The realization of experimental MM for magnetostatic (magnetic field only) WPT applications has been previously reported11,23. Here we briefly review the methodology used for completeness. The MM is composed of a 2-D periodic array (anisotropic case) of resonant coils. The permeability of the MM can be estimated from the Q of the single cell and the spacing of the system using Eq. (8). The unit cell geometry is 5. cm square. A planar spiral inductor on one PCB layer was used as the inductor and a lumped 1.8 nF capacitor attached to complete the LC resonator with resonance at 2.4 MHz. The simulated Q of the cell, ignoring the loss of the capacitor, was 100. The fill factor was \(F=.35\).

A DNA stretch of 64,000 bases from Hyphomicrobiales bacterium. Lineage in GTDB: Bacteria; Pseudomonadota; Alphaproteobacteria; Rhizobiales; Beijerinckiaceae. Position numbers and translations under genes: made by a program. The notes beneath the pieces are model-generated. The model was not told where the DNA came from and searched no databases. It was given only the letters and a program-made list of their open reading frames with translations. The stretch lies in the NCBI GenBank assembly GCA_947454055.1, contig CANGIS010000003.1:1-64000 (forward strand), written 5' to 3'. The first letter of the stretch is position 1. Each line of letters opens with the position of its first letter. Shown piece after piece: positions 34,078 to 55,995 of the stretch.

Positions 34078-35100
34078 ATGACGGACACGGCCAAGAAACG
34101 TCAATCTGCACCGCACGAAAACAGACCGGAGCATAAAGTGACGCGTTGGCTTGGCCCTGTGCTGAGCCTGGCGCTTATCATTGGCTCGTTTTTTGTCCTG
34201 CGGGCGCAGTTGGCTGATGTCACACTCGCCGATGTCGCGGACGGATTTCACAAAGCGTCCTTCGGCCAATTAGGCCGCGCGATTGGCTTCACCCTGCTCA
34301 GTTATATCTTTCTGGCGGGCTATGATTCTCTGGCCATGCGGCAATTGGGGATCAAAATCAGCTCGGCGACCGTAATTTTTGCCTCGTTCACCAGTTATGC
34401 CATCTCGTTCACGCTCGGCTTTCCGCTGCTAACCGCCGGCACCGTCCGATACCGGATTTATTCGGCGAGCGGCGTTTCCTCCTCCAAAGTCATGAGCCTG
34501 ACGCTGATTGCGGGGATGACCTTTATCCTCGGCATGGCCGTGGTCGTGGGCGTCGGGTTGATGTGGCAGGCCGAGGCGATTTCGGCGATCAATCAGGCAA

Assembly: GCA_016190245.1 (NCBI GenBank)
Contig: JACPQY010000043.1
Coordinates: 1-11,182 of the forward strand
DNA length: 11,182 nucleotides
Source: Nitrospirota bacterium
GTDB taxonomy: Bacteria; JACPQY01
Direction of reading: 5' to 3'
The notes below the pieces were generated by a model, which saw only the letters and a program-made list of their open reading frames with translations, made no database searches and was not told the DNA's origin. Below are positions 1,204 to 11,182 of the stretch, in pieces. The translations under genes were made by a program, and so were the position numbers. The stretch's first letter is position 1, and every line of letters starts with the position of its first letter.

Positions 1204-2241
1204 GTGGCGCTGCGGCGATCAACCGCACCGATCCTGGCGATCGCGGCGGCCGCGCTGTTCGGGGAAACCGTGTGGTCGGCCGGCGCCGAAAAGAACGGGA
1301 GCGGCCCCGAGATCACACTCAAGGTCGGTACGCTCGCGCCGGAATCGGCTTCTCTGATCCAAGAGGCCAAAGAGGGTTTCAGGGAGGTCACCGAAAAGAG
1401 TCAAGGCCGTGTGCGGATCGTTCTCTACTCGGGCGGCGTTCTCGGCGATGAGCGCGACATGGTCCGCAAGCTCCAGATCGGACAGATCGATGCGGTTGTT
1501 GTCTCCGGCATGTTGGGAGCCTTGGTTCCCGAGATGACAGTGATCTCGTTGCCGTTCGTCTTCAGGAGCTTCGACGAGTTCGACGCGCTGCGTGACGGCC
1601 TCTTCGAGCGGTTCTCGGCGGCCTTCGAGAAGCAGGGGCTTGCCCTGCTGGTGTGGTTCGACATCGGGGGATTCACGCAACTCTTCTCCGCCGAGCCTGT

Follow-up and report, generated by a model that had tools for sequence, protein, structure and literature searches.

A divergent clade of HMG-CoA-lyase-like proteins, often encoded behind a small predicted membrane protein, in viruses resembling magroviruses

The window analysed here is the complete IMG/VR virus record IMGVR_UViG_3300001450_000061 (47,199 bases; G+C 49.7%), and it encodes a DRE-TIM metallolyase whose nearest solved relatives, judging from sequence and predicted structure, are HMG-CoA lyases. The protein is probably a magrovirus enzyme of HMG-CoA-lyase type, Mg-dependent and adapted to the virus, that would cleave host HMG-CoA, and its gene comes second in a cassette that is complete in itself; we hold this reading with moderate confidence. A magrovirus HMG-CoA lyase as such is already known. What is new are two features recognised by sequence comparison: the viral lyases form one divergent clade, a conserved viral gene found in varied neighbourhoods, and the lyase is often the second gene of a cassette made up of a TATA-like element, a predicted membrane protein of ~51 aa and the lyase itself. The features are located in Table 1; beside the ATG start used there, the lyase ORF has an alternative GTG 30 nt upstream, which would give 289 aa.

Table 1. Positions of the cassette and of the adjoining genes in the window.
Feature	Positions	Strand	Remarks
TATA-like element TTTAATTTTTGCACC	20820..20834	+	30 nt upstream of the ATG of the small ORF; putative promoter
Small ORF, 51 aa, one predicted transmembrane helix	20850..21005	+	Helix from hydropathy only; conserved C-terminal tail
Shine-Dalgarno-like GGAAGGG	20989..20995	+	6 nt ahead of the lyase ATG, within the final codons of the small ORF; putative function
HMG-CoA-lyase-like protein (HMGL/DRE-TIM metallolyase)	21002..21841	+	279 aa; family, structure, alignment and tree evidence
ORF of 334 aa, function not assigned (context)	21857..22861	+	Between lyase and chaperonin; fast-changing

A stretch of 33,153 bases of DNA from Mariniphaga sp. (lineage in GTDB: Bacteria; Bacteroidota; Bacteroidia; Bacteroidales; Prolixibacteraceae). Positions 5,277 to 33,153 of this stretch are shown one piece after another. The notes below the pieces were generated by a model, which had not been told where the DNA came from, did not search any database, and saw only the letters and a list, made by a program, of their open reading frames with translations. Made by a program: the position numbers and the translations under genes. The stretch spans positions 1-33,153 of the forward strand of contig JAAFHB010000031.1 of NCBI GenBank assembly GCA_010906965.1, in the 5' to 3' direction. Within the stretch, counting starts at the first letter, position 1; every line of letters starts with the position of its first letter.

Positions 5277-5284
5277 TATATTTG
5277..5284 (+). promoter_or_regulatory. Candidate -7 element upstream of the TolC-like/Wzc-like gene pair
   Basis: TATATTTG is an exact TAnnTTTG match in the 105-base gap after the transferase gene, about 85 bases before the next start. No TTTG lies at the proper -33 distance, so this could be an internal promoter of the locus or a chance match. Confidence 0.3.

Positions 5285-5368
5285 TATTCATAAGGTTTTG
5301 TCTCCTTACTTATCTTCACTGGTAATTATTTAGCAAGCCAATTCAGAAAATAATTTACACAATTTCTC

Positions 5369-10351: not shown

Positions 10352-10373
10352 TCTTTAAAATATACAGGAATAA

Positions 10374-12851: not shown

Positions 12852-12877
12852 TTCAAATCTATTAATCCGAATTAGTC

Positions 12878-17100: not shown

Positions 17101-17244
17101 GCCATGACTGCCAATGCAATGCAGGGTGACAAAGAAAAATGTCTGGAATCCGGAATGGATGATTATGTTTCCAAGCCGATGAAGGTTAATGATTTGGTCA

We experimentally characterized the permeability of each MM (Z, XY, and XYZ) using the retrieval method described in26. The XY-MM is shown in Fig. 7. The complex permeability is given in Fig. 5a,f,k for both real and imaginary components of the permeability. We determined that our composite MM had a resonant frequency around 2.425 MHz, with bulk Q-factor of approximately 50. The difference between the bulk Q and cell Q-factors (we mentioned this before as \(Q_{cell} = 100\)) is due to the interaction of the MM cells in the composite MM. The experimentally obtained complex permeability was used for the finite disc simulations in order to match them to the experimental results from those same MM from which the permeabilities were extracted.